As a reporter who has experienced life in both North and South, I have observed that the northern side seems to always reach for the sky with nothing but bluff and bluster, while the South has actual capability but no confidence.

If only they knew the reality; the South with its tremendous degree of openness can afford to be shaken 10 meters from side to side without collapsing, but the North is so extremely isolated that it cannot stand to wobble even one meter.

If the landmines are removed from the DMZ, it is the North that will really be in an uproar.
Of course, the removal of landmines in the South is nothing new. South Korea has periodically removed swathes of them in the past, not to encourage defection but to protect its own citizens and soldiers from stray mines that get washed away from their original positions due to flooding. Clearly both Koreas long ago stopped worrying about the possibility of an infantry invasion from across the border. But if this new development reported by Mr. Ju is true, it adds an interesting new element to the equation.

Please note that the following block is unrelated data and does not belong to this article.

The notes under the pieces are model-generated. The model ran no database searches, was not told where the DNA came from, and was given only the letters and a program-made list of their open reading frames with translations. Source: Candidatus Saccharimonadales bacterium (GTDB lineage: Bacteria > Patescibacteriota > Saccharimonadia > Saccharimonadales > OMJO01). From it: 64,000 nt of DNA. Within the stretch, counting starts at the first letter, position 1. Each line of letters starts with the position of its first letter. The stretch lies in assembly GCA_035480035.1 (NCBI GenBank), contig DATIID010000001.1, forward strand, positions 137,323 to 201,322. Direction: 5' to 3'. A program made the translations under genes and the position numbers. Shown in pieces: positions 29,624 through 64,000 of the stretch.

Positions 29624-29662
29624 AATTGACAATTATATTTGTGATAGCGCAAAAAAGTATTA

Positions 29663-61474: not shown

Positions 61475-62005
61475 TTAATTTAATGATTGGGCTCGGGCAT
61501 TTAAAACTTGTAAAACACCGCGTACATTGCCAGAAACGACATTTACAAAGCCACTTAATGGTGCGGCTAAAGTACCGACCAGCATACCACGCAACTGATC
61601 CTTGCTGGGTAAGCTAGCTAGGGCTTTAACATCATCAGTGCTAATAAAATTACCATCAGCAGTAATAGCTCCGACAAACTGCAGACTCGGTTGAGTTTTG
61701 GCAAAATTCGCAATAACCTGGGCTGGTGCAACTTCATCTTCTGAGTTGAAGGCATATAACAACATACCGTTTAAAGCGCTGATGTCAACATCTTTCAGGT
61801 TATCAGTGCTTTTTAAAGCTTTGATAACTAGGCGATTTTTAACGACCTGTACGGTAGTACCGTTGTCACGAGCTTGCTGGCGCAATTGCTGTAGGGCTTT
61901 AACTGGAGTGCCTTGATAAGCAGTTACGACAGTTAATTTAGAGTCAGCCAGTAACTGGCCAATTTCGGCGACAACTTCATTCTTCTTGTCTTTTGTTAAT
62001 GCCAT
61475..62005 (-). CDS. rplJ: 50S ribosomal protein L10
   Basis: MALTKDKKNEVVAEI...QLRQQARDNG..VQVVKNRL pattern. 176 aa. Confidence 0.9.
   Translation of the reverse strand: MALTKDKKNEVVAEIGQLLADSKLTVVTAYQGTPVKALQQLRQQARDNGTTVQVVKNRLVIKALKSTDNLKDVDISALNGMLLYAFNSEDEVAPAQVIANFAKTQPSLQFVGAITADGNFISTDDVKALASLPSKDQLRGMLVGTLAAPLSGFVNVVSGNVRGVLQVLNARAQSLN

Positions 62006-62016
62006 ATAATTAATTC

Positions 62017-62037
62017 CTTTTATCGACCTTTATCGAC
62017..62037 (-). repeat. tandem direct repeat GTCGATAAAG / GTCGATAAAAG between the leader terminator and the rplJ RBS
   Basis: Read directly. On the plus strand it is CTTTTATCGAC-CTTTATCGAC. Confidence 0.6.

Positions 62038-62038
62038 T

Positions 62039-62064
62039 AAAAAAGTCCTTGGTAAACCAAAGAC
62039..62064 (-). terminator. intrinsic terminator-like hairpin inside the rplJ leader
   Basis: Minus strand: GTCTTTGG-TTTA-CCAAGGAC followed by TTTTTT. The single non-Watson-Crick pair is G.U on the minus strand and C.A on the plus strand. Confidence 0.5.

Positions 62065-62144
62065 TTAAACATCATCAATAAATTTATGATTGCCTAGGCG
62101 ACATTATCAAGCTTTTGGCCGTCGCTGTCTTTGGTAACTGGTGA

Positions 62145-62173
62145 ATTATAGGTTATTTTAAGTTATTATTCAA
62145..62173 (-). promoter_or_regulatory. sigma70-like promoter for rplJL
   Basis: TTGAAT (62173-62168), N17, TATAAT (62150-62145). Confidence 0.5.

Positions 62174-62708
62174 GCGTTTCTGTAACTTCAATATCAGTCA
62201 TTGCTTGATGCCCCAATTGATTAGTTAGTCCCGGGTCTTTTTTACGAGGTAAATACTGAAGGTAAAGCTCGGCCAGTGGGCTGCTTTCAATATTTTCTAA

The obvious question which Mr. Ju does not address is how the North Korean authorities might react to such a move. Clearing defection paths and posting signs would certainly not go unnoticed, and the North would use any means at its disposal to shut them down. Even if the vast majority of soldiers want to defect, all it takes is one brown-nose standing in a tower with a machine gun to dissuade them.

They would also probably not let the South Koreans off easily, although their official response might be interesting. After all, it's not the same as the South's loudspeakers, which the North could condemn as psychological warfare and threaten to use for artillery target practice. It's hard to think of a persuasive argument for how the removal of landmines constitutes a "dastardly plot to disrupt peace on the peninsula."

Sunday, April 22, 2012

World's Most Precious Kitty Coming to America!